Copper Falls on Weak Chinese Data
By David Hodari
LONDON--Copper prices continued to fall Thursday, with weaker-than-expected Chinese economic data magnifying the jitters currently being felt by traders and sending the base metal to its lowest in nearly a month.
The price of copper was down 1.33% at $6,468 a metric ton in midmorning trade in London, with the rest of the base metals complex also firmly in the red.
Gold prices edged down 0.01% to $1,323.05 a troy ounce, with increased dollar stability extending the precious metal's limited movement seen so far this week.
The WSJ Dollar Index, which measures the dollar against a basket of currencies, was down 0.03% at 85.45.
The price slide experienced by base metals over the past week was compounded early Thursday by the release of Chinese data, which undershot consensus expectations about industrial production and urban development, Commerzbank said in a morning note.
Monthly industrial production numbers for August showed the slowest increase since December, and fixed-asset investments grew at their smallest rate since December 1999, the bank said.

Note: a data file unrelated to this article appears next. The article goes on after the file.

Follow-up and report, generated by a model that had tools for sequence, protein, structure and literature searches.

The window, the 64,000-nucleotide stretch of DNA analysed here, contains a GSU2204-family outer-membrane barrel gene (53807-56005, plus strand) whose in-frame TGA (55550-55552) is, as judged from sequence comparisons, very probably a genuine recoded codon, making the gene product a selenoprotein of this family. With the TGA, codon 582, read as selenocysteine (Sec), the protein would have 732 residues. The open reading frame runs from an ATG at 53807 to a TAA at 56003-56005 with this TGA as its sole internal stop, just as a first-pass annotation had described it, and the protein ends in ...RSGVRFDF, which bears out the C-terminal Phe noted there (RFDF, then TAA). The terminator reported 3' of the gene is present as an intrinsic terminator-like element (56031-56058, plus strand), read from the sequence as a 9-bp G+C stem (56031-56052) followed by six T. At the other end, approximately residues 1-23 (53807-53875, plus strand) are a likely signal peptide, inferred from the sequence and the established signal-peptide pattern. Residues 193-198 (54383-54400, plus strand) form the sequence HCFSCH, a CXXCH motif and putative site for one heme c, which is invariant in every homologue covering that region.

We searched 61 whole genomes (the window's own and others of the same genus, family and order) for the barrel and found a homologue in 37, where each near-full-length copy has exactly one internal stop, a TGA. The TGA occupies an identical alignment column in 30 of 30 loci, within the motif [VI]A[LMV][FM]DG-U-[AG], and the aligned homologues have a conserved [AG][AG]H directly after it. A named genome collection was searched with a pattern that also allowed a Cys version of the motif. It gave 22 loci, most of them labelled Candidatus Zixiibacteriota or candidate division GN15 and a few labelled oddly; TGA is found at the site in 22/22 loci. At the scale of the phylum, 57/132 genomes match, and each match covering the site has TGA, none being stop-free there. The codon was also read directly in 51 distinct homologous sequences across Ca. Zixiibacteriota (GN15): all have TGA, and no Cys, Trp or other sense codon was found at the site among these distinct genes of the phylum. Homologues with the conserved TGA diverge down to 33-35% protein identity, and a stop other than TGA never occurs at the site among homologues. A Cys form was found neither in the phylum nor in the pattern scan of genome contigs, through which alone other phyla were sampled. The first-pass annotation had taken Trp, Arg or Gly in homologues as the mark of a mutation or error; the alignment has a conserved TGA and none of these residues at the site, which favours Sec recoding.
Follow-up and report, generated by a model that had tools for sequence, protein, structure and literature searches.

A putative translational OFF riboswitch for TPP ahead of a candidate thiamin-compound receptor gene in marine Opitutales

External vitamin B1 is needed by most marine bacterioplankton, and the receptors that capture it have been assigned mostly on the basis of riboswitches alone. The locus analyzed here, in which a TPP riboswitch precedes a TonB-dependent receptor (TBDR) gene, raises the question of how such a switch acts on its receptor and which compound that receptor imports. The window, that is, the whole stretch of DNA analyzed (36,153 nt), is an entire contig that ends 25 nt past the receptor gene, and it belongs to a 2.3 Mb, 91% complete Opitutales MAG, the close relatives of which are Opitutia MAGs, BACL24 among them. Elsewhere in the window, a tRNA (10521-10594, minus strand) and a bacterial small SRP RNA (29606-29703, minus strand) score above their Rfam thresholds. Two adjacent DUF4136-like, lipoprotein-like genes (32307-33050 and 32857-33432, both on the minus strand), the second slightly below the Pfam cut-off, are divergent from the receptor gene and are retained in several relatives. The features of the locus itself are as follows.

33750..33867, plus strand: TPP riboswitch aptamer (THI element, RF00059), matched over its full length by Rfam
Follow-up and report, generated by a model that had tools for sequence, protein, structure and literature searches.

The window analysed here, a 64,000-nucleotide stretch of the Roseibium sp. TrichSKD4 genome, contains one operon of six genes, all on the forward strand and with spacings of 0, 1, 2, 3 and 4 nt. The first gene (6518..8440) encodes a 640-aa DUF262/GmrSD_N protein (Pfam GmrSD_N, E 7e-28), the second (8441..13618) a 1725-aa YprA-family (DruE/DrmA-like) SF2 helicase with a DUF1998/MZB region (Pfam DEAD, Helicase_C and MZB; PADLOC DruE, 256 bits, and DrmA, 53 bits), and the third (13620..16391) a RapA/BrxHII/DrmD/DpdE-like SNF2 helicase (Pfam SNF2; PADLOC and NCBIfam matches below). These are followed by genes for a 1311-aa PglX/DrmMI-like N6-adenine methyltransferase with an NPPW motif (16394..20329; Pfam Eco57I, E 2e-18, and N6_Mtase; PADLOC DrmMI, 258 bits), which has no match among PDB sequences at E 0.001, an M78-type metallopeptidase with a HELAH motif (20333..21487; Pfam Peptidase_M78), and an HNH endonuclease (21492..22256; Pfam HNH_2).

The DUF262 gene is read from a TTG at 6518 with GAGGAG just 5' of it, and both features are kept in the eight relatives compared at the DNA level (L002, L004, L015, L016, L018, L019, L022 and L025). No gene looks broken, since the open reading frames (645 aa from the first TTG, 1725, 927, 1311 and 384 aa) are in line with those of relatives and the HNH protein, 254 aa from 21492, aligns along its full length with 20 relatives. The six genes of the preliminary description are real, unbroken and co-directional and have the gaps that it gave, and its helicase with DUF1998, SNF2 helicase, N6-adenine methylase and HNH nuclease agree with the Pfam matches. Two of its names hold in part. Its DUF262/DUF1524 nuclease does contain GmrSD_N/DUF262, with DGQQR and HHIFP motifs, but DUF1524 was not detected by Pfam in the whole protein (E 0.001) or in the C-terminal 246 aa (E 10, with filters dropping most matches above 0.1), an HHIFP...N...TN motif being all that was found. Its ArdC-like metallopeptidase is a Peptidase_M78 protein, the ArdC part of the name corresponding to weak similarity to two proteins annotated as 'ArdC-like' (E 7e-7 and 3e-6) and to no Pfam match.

"A downturn in Chinese infrastructure investment would be particularly negative for metals," said Caroline Bain, senior commodities economist at Capital Economics. "That, plus profit-taking is behind copper's fall today."
Copper prices have now unwound by more than 7% since hitting their three-year peak on Sept. 6. With margin-seeking investors selling their copper holdings in to London Metal Exchange warehouses, stocks increased a further 16% during Wednesday trading, according to data from commodities broker Marex Spectron.
The selloff in copper seen so far this week has vindicated the forecasts of analysts who, until last week, were in increasing numbers noting the disconnection between copper's price and its supply-and-demand fundamentals.
Looking ahead, traders were still keeping their eyes peeled for Chinese monetary supply and credit data, due out before the end of the week, as well as fresh LME trader commitment data.
Among precious metals, silver fell 0.17% to $17.74 a troy ounce, palladium gained 0.05% to $940 a troy ounce, and platinum gained 0.15% to $982.25 a troy ounce.
Among base metals, zinc fell 1.12% to $2,996 a metric ton, aluminum fell 1.07% to $2,086 a metric ton, tin gained 0.34% to $20,545 a metric ton, nickel fell 1.84% to $11,230 a metric ton and lead fell 0.8% to $2,280 a metric ton.
Write to David Hodari at [email protected]